Anish Kapoor, Sky Mirror, 2013; stainless steel, 216 1/2 inches in diameter; installation view at the Château de Versailles, 2015; photo courtesy of Kapoor Studio, Kamel Mennour, Lisson Gallery, © Tadzio
Anish Kapoor, Sky Mirror, 2013; stainless steel, 216 1/2 inches in diameter; installation view at the Château de Versailles, 2015; photo courtesy of Kapoor Studio, Kamel Mennour, Lisson Gallery, © Tadzio

Sky Mirror is installed between the Latona fountain and the palace. The double-convex mirrors invert views of the sky above with upside-down views of the palace and Le Nôtre’s perfect gardens.

Between the palace and parterre, flanked by classical bronze statues of Antinous and Apollo, C-Curve inverts views of the palace and the viewers.

 

Anish Kapoor, Sectional Body preparing for Monadic Singularity, 2015; installation view at the Château de Versailles, 2015; photo courtesy of Kapoor Studio, Kamel Mennour, Lisson Gallery, © Fabrice Seixas
Anish Kapoor, Sectional Body preparing for Monadic Singularity, 2015; installation view at the Château de Versailles, 2015; photo courtesy of Kapoor Studio, Kamel Mennour, Lisson Gallery, © Fabrice Seixas

In the Bosquet de l’Etoile, adjacent to the Bosquet du Théâtre d’Eau, Sectional Body preparing for Monadic Singularity is a 23-foot tall black and red cube, pierced with wormhole pathways into its interior. Visitors who walk inside will experience a saturated interior that is reminiscent of Kapoor’s Leviathan at Monumenta in 2011.

 

Several of these works are re-appropriated at Versailles: Descension was first installed at the Kochi-Muziris Biennale in India earlier this year; Dirty Corner at the Fabbrica del Vapore in Milan in 2011; Shooting into the Corner at the Royal Academy of Arts in London in 2009; C-Curve at Kensington Gardens in London in 2007; and the first of several versions of Sky Mirror was commissioned for the Nottingham Playhouse in England.

 

Xavier Veilhan, Light Machine, 2009; electronic components, LEDs, metal, plastic; installation view at Château de Versailles, 2009; image © codylee.co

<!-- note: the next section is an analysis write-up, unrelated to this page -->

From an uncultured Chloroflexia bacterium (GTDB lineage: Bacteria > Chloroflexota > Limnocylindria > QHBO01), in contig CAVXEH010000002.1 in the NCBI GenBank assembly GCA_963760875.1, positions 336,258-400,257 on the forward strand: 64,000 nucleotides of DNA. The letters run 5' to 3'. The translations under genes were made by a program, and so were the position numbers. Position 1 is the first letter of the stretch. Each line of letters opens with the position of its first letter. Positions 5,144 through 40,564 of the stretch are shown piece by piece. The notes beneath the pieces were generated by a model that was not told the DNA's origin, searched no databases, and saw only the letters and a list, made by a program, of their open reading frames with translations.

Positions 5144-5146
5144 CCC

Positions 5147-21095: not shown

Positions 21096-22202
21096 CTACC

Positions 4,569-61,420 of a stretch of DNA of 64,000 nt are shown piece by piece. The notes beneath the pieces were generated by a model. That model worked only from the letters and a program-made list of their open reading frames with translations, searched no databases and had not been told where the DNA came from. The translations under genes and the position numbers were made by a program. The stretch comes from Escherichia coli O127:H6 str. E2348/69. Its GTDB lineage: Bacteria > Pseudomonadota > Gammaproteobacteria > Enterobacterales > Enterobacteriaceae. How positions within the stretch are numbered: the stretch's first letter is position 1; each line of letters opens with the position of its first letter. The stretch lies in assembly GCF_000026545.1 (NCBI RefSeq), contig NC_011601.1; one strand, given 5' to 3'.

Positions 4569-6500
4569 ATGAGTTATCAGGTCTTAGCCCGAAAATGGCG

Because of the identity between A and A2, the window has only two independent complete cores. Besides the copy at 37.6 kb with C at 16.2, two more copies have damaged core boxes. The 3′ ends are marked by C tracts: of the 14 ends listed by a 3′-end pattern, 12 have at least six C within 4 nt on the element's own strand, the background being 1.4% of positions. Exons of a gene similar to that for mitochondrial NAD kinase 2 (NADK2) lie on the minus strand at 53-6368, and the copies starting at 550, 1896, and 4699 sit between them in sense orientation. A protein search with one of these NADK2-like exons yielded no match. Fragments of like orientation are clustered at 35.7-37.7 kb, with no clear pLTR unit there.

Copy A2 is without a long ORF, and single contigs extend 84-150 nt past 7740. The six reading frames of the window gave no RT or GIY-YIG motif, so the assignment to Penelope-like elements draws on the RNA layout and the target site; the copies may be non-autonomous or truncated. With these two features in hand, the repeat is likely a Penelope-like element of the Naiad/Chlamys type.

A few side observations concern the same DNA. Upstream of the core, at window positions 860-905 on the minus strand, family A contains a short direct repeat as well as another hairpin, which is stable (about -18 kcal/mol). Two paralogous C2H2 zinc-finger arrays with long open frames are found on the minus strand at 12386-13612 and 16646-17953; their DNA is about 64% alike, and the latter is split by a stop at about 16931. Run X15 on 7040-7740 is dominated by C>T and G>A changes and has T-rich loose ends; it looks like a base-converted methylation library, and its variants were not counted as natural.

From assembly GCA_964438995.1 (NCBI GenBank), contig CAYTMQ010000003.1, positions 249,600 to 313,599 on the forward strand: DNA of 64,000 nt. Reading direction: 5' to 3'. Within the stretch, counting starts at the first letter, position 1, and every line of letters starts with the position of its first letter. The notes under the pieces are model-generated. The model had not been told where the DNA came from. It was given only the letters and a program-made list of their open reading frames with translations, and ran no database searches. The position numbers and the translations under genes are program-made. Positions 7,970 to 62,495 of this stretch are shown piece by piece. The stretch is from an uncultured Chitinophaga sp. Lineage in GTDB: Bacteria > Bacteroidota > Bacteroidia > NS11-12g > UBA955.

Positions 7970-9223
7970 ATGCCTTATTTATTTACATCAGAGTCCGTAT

Xavier Veilhan, Light Machine, 2009; electronic components, LEDs, metal, plastic; installation view at Château de Versailles, 2009; image © codylee.co

Anish Kapoor is the eighth contemporary artist to receive an exhibition at Versailles. The first was Jeff Koons in 2008, followed by Xavier Veilhan, Takashi Murakami, Bernar Venet, Joana Vasconcelos, Giuseppe Penone, and Lee Ufan. Anish Kapoor is the third artist selected by Catherine Pégard, President of Versailles since 2011, continuing a curatorial program of contemporary art in dialogue with the historical estate. Perhaps more than others, Kapoor disrupts the order and symmetry of Le Nôtre’s gardens.

 

Le Grand Bal Masqué de Versailles; image © Agence France-Presse
Le Grand Bal Masqué de Versailles; image © Agence France-Presse

In addition to Kapoor’s installations, the Château de Versailles has a full program this summer of festivals, concerts, fountain shows, and performances in celebration of Louis XIV. The most notable events will be the Grand Bal Masqué and a series of Grandes Eaux. On June 27, the Orangerie will host The Sun King Ball – a grand masked ball, designed on the theme of the Sun King, from 11:30 until sunrise. Each Saturday from June 20 to September 19, the gardens, groves, and fountains will be transformed with light installations and water shows that culminate with grand fireworks displays over the Grand Canal.